Astroblast Review

Developer: Mattel Publisher: Mattel
Release Date: 1982 Also On: None

When I bought Intellivision Lives for GCN and played Astrosmash, I thought it seemed familiar even though I have never owned an Intellivision. Now I know why. M Network saw fit in 1982 to port the game to the Atari 2600, and, while the Intellvision version certainly boasts better aesthetic qualities than the Atari 2600 version, that doesn’t in any way diminish the fun that can be had in this game.

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The concept of the game is simple enough. You control a little plane at the bottom of the screen. Asteroids, bombs, missiles, and other things all try to hit and destroy you, and you are responsible for hitting them before they can do so. You gain points for destroying these things, and in most cases you lose points if they hit the ground, although the bombs destroy your plane if they hit the ground. It’s a typical Atari 2600 game where you are simply trying to get as many points as you can before you lose.

It is a sad state of affairs that this is one of very few vertical space shooters on the Atari 2600. However, this game more than does justice to the genre given the limited capabilities of the system. The addictiveness of this game is up there with the addictiveness generally attributed to the Intellivision version of the game, even if the graphics and sound effects are barely average, if that. You even have the ability to use the difficulty select switches to speed up the game at the beginning if you want to or to switch between automatic and manual firing, with automatic being a rapid fire if you hold down the fire button.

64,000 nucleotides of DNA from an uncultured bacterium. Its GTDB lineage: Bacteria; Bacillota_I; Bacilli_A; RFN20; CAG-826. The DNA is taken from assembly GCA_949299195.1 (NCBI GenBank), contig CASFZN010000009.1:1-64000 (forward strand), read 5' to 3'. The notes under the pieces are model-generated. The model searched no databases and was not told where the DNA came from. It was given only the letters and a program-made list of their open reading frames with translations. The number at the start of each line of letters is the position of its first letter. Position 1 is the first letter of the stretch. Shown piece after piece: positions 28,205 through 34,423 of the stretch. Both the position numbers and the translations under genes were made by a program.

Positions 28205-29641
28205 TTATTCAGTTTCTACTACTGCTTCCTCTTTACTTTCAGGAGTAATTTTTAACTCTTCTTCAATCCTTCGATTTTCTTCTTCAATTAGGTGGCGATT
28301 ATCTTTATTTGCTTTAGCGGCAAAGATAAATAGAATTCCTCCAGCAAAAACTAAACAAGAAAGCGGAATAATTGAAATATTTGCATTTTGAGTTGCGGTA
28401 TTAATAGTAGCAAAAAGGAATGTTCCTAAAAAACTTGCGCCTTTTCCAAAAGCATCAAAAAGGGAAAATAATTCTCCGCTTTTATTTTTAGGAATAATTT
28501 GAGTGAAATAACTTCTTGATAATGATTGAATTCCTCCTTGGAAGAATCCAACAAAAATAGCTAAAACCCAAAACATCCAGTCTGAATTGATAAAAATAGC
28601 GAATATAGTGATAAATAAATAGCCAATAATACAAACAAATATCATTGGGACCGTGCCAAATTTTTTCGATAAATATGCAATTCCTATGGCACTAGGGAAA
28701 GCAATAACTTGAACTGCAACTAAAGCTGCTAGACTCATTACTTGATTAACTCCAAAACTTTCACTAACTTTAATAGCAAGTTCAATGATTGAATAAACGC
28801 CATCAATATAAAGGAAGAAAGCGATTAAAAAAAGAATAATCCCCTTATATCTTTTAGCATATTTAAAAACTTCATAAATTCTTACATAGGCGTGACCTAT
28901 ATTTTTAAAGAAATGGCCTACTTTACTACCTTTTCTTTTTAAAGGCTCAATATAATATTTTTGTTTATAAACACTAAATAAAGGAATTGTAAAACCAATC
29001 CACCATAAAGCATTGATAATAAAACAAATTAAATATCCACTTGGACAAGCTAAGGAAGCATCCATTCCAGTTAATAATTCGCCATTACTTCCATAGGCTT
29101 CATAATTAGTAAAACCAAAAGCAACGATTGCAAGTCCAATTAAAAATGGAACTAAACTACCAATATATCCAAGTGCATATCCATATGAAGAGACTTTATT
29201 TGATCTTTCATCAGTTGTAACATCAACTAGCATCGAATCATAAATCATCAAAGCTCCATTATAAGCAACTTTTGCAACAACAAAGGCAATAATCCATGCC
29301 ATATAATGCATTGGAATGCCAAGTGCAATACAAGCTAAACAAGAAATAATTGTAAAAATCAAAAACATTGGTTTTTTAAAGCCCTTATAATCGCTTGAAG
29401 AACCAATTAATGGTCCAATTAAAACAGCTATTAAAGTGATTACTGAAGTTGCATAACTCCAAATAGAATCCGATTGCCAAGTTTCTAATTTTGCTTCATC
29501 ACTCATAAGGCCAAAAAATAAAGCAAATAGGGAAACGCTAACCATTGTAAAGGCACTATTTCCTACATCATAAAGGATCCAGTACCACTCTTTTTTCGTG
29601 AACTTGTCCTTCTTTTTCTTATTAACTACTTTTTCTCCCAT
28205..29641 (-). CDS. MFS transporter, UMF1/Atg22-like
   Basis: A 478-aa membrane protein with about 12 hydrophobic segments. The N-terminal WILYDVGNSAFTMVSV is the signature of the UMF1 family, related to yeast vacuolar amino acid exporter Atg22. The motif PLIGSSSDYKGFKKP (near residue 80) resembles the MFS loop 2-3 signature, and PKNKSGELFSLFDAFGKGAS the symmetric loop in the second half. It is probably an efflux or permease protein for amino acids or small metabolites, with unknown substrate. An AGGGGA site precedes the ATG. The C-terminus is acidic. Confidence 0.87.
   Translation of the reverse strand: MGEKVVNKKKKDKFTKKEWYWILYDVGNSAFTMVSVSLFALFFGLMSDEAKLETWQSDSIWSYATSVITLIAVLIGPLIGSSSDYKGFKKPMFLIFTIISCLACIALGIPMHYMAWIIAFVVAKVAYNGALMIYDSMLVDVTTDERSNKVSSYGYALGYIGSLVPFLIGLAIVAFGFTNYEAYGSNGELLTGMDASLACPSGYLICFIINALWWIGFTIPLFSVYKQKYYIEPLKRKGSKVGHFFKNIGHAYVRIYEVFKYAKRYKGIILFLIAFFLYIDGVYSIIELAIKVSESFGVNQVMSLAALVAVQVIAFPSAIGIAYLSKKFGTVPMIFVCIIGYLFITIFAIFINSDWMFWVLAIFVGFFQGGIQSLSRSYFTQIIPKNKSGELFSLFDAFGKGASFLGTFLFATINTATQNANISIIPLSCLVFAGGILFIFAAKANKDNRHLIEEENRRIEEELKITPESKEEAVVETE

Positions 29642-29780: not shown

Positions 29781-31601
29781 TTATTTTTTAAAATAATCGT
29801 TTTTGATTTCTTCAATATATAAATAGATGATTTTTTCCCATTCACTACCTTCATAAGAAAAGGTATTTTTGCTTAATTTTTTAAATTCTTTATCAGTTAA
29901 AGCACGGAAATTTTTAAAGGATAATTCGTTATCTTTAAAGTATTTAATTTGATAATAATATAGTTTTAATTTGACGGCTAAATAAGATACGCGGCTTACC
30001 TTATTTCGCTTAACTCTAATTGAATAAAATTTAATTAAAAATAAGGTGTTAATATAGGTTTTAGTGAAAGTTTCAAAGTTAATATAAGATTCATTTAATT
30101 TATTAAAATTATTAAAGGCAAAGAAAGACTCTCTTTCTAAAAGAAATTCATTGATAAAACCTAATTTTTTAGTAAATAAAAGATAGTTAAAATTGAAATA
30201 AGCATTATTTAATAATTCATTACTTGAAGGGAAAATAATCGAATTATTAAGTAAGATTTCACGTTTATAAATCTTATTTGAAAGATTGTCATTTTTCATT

So what disadvantages does this game have? As I already mentioned, this game has limited graphics on just about everything, although the asteroids themselves look fairly detailed. The sound effects are likewise sparse, but they are enough to get the job done. The major complaint here is a lack of game modes, since the game select switch isn’t used at all. However, the one game mode that does exist is more than good enough to make this game worth having if you don’t have the Intellivision version.

If you have an Intellivision, I’d recommend the Intellivision title Astrosmash over this because of its superior graphics, but, since most people don’t have one, this game’s addictiveness and gameplay are more than enough to make up for its lack of variety and limited aesthetic quality. Nobody plays an Atari 2600 game for sound and graphics anyway.

Graphics: 6
Sound: 5
Gameplay: 8
Creativity: 6
Replay Value/Game Length: 8
Final: 6.7
Written by Martin Review Guide

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